Purpose: To discuss the measurement of spasticity in the clinical and research environments, make recommendations based on the SPASM reviews of biomechanical, neurophysiological and clinical methods of measuring spasticity and indicate future developments of measurement tools.
Method: Using the results of the systematic reviews of the biomechanical, neurophysiological and clinical approaches, methods were evaluated across three dimensions: (1) validity, reliability and sensitivity to change; (2) practical quality such as ease of use and (3) qualities specific to the measurement of spasticity, for example ability to be applied to different muscle groups. Methods were considered in terms of applicability to research and clinical applications.
Results: A hierarchy of measurement approaches was identified from highly controlled and more objective (but unrelated to function) to ecologically valid, but less objective and subject to contamination from other variables. The lack of a precise definition of spasticity may account for the problem of developing a valid, reliable and sensitive method of measurement. The reviews have identified that some tests measure spasticity per se, some phenomena associated with spasticity or consequential to it and others the effect of spasticity on activity and participation and independence.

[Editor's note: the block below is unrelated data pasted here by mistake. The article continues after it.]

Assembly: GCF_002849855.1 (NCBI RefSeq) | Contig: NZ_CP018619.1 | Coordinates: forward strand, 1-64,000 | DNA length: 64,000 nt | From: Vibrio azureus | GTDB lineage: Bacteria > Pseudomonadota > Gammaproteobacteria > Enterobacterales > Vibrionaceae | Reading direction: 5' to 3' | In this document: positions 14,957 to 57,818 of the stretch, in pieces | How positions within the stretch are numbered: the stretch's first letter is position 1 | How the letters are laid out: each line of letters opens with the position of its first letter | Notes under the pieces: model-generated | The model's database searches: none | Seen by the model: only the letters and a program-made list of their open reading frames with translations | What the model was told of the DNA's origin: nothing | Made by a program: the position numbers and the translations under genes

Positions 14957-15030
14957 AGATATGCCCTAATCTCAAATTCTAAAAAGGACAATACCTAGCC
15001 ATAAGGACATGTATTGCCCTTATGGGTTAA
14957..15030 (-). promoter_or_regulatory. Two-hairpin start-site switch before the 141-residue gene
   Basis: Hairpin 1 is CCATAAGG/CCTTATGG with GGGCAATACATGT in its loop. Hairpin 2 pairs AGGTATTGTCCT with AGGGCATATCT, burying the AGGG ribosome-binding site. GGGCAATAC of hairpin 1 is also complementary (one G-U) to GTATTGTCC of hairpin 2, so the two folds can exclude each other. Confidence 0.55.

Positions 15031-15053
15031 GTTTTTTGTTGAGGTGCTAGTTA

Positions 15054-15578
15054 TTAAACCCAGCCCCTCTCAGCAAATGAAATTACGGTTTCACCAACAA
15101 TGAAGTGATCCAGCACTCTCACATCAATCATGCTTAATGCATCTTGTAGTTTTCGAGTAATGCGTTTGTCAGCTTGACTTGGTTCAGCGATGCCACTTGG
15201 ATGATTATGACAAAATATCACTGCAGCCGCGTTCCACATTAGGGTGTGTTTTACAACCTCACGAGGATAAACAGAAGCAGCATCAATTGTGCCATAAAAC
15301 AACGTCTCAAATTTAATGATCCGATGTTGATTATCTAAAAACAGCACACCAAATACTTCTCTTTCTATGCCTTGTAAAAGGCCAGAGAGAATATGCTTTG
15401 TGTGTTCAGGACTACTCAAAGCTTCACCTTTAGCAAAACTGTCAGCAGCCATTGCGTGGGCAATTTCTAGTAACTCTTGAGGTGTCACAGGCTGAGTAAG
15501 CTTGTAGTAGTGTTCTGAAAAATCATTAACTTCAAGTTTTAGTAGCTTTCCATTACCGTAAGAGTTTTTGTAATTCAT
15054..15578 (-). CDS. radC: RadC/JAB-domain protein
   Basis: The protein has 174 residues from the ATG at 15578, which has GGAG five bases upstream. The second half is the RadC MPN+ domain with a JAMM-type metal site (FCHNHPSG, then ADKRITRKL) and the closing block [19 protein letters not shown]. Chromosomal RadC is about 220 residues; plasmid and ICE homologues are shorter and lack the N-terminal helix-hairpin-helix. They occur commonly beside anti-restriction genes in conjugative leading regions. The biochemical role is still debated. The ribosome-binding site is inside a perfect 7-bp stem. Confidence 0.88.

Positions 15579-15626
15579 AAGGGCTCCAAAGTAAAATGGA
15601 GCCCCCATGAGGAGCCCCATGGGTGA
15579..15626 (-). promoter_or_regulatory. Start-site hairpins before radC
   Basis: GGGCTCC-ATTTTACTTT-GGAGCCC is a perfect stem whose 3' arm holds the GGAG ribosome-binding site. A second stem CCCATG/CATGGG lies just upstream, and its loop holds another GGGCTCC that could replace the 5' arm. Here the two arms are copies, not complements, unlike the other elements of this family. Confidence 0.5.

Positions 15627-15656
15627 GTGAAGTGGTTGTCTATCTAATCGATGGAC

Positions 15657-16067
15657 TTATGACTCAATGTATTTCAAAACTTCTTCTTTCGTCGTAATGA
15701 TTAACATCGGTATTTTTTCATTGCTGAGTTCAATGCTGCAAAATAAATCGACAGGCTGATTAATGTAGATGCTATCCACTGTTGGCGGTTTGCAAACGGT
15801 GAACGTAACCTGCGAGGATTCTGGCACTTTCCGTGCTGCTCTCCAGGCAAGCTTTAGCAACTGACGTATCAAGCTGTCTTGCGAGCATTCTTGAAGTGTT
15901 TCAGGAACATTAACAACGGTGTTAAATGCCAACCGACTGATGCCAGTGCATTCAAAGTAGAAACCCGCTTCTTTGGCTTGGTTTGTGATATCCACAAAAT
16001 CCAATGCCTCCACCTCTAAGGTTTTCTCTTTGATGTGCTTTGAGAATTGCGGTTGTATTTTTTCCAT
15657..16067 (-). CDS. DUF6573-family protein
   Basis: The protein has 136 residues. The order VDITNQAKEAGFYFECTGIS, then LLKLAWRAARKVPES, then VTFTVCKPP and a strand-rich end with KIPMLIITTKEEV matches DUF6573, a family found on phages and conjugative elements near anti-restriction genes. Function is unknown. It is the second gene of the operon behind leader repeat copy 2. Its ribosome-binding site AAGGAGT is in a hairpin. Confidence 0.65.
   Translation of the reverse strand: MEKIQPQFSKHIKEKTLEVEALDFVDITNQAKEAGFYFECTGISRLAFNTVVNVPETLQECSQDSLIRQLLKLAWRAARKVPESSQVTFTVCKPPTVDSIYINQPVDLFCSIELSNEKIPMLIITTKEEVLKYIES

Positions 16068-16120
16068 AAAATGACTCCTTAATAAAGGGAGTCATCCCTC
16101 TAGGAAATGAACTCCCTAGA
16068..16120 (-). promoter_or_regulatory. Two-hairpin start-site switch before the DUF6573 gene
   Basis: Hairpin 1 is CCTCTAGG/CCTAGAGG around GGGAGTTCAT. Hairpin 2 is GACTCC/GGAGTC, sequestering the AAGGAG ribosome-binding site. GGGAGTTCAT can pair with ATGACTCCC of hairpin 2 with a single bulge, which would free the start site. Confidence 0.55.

Conclusions: Methods appropriate for use in research, particularly into the mechanism of spasticity did not satisfy the needs of the clinician and the need for an objective but clinically applicable tool was identified. A clinical assessment may need to generate more than one 'value' and should include evaluation of other components of the upper motor neurone syndrome. There is therefore a need for standardized protocols for 'best practice' in application of spasticity measurement tools and scales.